The 17th-century canals that girdle the city center give it its Girl with a Pearl Earring ambience, but Amsterdam is a very much a modern capital filled with contemporary Dutch design, world-class restaurants and cutting-edge fashion. Walking hand in hand down a pretty canal under leafy trees while the street lamps glow and shimmer on the dark water — well, there aren’t many more romantic Euro-moments to be had. And stopping at a sidewalk café for bitterballen (round croquettes) and a glass of wine or sharing a treat of warm poffertjes (small silver-dollar sized puffed pancakes dusted with confectioner’s sugar) will give you a taste of what life is like when you go Dutch.
What to See and Do
For the Dutch, riding a bike is a natural as breathing: it’s how they commute to work, take their kids to school, pick up groceries. Do as the Amsterdammers do and cycle around town, at least for the afternoon. Many hotels rent bicycles or there are bike rental places all over the city — check iamsterdam for info.
Bike to the pretty Westerkerk, with its crown-topped spire, and climb to the top via an increasing series of steep stairs and ladders for amazing views of the city’s rings of canals and doll-like canal houses. The church’s bells play a carillon every 15 minutes and toll the hours, and it’s always moving to know you’re hearing the same bells that Anne Frank heard while hiding in the secret annex next door. The Anne Frank Museum is one of the most popular attractions in the city, so remember to order advance tickets online.
If you want to explore by foot, stroll through Vondelpark to Museumplein, where you could spend days touring the city’s major art museums: the comprehensive Van Gogh Museum, the rambling Rijksmuseum, the contemporary Stedelijk Museum and the small, but always interesting MOCO, a modern art gallery.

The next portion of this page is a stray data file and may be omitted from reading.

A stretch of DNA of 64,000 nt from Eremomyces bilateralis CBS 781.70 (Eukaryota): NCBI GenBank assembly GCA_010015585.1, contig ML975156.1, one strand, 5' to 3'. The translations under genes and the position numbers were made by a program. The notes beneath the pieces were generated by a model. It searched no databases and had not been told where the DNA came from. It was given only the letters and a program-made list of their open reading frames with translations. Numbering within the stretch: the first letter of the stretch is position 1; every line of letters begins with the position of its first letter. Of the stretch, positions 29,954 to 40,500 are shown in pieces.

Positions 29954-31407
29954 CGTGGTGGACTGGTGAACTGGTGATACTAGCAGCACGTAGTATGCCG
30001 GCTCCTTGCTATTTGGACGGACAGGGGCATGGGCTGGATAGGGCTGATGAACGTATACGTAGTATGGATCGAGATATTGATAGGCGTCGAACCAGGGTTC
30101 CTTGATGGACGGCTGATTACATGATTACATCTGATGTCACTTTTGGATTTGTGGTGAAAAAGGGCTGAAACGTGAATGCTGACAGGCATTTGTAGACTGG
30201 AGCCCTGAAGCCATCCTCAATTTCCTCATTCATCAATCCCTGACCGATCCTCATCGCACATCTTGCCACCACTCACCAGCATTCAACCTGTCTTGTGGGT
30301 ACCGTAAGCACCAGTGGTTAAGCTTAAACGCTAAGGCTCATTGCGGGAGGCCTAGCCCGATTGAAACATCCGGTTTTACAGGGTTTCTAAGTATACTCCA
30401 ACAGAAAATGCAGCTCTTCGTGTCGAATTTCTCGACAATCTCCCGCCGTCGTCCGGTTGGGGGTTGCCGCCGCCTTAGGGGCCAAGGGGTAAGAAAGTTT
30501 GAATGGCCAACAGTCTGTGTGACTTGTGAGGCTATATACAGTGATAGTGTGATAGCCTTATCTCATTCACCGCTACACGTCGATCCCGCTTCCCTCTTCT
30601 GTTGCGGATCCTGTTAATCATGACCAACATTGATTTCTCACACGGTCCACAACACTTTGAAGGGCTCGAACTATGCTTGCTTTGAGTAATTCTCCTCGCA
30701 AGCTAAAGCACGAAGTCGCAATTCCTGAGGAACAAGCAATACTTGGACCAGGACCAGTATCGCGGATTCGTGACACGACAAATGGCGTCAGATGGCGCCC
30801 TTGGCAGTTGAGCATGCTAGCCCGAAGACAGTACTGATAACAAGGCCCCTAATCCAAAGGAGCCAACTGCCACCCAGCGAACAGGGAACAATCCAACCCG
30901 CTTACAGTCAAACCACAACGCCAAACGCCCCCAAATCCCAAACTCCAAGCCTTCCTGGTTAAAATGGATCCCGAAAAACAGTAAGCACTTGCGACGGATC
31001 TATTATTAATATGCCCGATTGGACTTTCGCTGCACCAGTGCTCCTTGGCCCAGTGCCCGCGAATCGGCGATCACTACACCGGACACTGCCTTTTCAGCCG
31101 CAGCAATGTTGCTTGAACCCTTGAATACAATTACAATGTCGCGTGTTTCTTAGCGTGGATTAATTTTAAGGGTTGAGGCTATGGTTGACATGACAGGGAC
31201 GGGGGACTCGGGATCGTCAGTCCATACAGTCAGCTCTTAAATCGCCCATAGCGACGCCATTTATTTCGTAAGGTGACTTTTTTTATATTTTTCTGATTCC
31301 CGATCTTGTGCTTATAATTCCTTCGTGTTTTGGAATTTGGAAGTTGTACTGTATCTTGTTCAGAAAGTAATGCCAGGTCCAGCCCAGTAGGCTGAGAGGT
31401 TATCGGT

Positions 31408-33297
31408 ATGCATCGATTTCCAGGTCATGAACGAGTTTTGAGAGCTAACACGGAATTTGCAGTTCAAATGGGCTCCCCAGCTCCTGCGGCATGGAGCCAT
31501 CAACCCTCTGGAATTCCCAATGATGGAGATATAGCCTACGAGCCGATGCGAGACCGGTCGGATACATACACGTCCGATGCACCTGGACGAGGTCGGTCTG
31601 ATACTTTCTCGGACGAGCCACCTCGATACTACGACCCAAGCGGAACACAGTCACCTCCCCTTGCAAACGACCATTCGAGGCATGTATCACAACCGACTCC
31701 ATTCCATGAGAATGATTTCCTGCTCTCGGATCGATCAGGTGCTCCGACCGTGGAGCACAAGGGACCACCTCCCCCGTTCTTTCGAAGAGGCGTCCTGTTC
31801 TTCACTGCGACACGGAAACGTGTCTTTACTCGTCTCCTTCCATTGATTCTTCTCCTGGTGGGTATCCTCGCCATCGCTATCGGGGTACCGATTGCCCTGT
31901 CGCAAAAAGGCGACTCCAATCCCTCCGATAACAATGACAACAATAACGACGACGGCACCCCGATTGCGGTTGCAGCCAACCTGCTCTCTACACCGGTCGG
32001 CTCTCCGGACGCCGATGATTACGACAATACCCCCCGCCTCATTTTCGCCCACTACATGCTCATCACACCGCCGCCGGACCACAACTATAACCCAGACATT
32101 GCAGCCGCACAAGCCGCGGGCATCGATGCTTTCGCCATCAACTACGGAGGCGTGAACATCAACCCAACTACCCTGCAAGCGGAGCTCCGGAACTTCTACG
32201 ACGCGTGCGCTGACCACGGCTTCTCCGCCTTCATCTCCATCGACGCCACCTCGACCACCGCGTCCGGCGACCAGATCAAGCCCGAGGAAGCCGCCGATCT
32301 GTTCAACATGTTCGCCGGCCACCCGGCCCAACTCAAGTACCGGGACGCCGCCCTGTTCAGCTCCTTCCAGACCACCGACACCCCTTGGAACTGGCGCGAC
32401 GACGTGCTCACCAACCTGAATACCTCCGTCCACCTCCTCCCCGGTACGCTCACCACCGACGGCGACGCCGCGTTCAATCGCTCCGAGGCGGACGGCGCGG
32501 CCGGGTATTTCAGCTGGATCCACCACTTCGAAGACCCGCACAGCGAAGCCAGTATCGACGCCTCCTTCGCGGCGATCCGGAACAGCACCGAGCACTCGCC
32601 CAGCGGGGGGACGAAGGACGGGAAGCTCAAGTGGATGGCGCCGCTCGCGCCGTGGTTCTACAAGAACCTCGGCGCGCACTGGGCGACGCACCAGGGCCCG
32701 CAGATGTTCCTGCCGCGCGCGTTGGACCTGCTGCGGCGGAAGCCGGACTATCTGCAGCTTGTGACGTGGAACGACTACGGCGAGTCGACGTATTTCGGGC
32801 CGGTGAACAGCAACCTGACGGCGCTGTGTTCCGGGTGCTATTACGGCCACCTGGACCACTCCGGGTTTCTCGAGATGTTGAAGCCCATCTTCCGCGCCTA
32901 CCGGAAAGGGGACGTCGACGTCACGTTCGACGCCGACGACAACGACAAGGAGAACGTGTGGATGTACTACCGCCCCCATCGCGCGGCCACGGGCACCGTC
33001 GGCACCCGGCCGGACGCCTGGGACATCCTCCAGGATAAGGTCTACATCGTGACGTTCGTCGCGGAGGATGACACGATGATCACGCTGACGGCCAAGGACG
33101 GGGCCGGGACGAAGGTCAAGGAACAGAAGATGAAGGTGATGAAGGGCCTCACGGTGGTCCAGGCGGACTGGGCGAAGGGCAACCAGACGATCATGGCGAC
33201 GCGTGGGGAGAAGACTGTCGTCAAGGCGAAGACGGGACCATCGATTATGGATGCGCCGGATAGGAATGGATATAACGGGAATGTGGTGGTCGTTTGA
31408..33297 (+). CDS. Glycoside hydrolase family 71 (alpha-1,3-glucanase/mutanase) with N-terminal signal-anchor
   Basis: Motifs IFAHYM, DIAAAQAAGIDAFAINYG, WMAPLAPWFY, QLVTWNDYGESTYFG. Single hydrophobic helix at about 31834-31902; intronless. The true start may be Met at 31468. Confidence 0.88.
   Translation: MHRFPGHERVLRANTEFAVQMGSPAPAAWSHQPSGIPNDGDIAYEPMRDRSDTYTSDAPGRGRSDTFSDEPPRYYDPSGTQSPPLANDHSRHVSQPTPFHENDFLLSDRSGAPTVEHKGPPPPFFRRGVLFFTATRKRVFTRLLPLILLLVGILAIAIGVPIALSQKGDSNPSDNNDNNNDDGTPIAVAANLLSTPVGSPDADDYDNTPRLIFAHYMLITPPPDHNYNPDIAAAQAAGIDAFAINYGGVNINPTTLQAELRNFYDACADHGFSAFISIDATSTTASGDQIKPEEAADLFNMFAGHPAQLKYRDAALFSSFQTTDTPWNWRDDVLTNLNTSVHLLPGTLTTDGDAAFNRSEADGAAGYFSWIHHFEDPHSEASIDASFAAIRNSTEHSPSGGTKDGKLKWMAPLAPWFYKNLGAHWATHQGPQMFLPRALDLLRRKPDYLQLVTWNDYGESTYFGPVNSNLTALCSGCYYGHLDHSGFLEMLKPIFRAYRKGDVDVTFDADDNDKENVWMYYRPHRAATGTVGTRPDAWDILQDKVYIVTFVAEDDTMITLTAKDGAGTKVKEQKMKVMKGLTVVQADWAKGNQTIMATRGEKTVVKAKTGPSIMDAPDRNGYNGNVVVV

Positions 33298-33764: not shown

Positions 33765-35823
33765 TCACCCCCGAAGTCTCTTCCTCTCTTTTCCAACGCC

Amsterdam is a city defined by its relationship to water, from the IJ to its canals. Behind Centraal Station, the main train station, fleets of free ferries head out to other parts of the city. Zip over to the industrial NDSM Werf neighborhood, just a 10 minute ride away, and spend an afternoon at Pllek, an urban hangout, restaurant, café, music venue, and gathering spot built out of shipping containers. Sip a bottle of rose on the large wooden deck or in the summer months, get a spot on the sand — this is one of Amsterdam’s most popular urban beaches.
Where to Eat and Drink
On a small lane behind Dam Square in the city center, book a table for two at Kaagman & Kortekaas.
This gezellig (cozy and cheery) restaurant has tables arranged a central open kitchen that turns out well-crafted contemporary cuisine with simple and fresh ingredients. Best of all, it’s filled with native Dutch speakers — always a good sign when it comes to sussing out the local favorites.
Amsterdam’s small size means it’s very easy to spend a cozy evening for two out in the countryside. Take a 20-minute cab ride to the village of Ouderkerk, just south of the city, and you’ll pass flat, emerald green fields filled with brown Jersey cows, gently chewing their cud, and most thrilling of all, the windmills with their white sails — the tallest structures on the horizon. At Jaimie Van Heije, named for the young chef at the helm, you’ll be served an inventive Michelin-starred tasting menu in the center of the village.
Sit along floor-to-ceiling windows for 360-degree views across the entire city. (The tower also has a heart-stopping swing called Over the Edge on the sky deck: for adrenaline seekers only!). And Shelter, a basement nightclub in the same building, is the place to head for some after-hours fun.
You’d think the chefs at the bi-level, waterfront Mos Amsterdam created their dishes specifically for diners’ Instagram pleasure, from the bonito flakes atop a atop a phllyo-encrusted shrimp that wave like they are under the sea to a iridescent sauce that turns dark purple like squid ink while you watch.
Amsterdam has numerous wine bars and brown cafes (the equivalent of a cozy pub), not to mention the infamous coffee shops, but if you want an elegant, but unpretentious pre-dinner drink, stop in at Pulitzer’s Bar.
Snuggle up together in front of the paned windows looking out on the Keizergracht. What to ask for from the talented bartenders? Jenever, the distilled spirits flavored with juniper berries, was created in the Netherlands and evolved into gin, and you’ll be offered a wide selection to choose from. Then they’ll make you a gin and tonic so perfectly crisp or a pot of tea so refreshing (and served in vintage blue-and-white Delftware), you’ll forget about how many steps you climbed to the top of the Westerkerk tower.